Meet the Italian Trio off to Surprisingly Stellar Starts at 2014 British Open

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Meet the Italian Trio off to Surprisingly Stellar Starts at 2014 British Open
Scott Heppell/Associated Press
Matteo Manassero leads the three Italian players on the leaderboard.

Something out of the ordinary happened around 9 a.m. ET. It wasn’t Rory McIlroy atop the leaderboard on Day 1. (His Day 1 rock to his Day 2 roll has been the talk of legend already.)

No, it wasn’t McIlroy's flawless round of 66, it was the flags on the leaderboard.

Three of the top eight names (the eight players currently T3 or better) sport flags are from Italy. You know they wouldn’t pander to any kind of Italian stereotype. Or would they?

Ok, well, scratch that. Everyone loves pasta.

The Three Tenors near the top are Matteo Manassero (-5), Edoardo Molinari and Francesco Molinari (both at -4). Unless you're a European Tour aficionado or a purveyor of fine Italian prosciutto, then these three players are about as new to you as Google Glass.

Alex Miceli of Golfweek writes:

Italy has never been known as a hotbed of golf. Its sports history is tied to a soccer team that has won four World Cup titles since 1934 and a fencing program that has captured more than 60 gold medals in the Olympics since the turn of he century.

That could all change with the Molinari brothers, Edoardo and Francesco, sitting near the top of the leaderboard in the 143rd Open Championship at Royal Liverpool.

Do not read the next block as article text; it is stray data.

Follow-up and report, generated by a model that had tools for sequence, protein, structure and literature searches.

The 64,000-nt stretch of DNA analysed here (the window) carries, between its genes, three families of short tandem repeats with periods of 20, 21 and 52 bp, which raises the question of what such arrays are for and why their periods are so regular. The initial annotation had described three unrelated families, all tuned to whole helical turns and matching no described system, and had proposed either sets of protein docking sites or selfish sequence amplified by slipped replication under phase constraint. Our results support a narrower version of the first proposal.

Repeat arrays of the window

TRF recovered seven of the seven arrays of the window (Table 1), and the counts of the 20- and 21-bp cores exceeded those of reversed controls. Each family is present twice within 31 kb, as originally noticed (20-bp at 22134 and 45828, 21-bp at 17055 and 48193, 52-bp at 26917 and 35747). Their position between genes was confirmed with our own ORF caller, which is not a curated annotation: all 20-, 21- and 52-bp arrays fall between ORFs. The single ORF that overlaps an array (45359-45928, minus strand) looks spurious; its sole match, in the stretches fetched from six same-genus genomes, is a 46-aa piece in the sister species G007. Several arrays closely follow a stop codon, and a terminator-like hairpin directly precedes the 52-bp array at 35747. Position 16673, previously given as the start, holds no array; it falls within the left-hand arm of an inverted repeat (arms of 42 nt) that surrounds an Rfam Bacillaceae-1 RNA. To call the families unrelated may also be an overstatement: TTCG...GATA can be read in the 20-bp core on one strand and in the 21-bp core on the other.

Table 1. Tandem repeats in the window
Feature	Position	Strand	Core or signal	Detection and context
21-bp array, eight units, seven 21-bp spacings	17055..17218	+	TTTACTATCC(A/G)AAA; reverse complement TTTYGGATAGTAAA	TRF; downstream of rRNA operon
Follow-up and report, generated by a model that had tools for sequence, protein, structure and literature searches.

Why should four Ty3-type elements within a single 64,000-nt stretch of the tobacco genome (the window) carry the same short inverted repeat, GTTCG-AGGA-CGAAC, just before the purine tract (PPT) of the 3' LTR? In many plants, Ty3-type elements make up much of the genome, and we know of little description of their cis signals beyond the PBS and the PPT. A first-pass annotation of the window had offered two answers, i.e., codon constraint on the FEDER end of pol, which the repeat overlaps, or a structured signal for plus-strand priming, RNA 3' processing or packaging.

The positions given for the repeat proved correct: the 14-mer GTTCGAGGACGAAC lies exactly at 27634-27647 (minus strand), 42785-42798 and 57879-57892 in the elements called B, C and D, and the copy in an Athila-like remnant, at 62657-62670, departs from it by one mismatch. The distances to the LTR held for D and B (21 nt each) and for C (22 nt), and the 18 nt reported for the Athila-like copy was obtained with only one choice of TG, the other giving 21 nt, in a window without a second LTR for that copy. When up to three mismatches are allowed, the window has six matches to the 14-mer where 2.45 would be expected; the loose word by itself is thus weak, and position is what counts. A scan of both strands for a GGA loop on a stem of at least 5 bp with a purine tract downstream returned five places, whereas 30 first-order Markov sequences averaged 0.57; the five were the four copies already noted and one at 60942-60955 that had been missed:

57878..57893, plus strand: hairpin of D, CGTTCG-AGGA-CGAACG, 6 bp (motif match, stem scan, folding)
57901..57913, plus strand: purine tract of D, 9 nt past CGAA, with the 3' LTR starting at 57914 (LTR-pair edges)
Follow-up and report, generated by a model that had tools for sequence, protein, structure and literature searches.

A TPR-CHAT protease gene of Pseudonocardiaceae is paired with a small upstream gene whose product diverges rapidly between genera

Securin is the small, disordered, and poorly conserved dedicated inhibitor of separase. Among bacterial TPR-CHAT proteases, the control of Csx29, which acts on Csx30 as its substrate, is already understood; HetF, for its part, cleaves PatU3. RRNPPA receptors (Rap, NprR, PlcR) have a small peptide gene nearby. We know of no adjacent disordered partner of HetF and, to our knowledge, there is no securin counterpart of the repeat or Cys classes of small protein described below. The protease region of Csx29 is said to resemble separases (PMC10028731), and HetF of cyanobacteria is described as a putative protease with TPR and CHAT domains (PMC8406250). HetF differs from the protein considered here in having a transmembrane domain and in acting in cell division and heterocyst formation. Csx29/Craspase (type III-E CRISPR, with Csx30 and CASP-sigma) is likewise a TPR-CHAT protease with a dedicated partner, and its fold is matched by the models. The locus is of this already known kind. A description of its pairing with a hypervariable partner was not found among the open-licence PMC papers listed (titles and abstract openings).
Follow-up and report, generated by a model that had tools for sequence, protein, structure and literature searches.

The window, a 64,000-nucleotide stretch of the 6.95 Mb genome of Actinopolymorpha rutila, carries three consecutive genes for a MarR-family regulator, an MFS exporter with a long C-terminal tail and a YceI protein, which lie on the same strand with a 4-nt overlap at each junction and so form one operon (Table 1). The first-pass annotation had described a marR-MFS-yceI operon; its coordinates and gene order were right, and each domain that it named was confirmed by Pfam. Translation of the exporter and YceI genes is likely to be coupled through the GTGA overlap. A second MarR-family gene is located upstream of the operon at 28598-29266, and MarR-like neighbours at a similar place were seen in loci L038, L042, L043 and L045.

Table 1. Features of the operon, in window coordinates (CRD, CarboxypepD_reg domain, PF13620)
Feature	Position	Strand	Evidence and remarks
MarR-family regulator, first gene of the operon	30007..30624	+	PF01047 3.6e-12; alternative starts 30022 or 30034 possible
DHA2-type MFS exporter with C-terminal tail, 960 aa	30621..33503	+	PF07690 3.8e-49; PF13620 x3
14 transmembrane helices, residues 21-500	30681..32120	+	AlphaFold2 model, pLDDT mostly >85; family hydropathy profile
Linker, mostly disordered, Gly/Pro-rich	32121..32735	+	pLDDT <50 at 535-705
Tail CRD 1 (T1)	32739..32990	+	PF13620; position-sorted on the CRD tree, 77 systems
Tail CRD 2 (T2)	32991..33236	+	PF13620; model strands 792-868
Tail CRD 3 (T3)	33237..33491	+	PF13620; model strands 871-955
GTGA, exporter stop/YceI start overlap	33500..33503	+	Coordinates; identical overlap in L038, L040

And throw in Manassero and suddenly Italy has a Generation Zero that could inspire the next great wave of Italian ball strikers (and not the soccer kind).

 

Matteo Manassero, -5 

Who is He?

Manassero is 21 years old and hails from Verona, Italy, and currently lives in Como. Manassero, though a rising star and arguably the next great European golfer, still lives with his parents. This is normal for those in their early 20s, just not as normal for someone who made $4 million in prize money in 2013.

Manassero is only 21 years old, yet he's accomplished so much already. At age 16, he became the youngest golfer ever to make the cut at the Masters. He then became the first teenager to win three golf tournaments on the European Tour.

For most people, he's a novel name to see near the top of the leaderboard, but it's not really a surprise.

Manassero told Express UK via Heavy.com: "I have done it because sometimes I am very hard on myself and that is something I will never change. I get angry if I do things wrong but that's what keeps me going. I want to do my best."

 

Day 1 Performance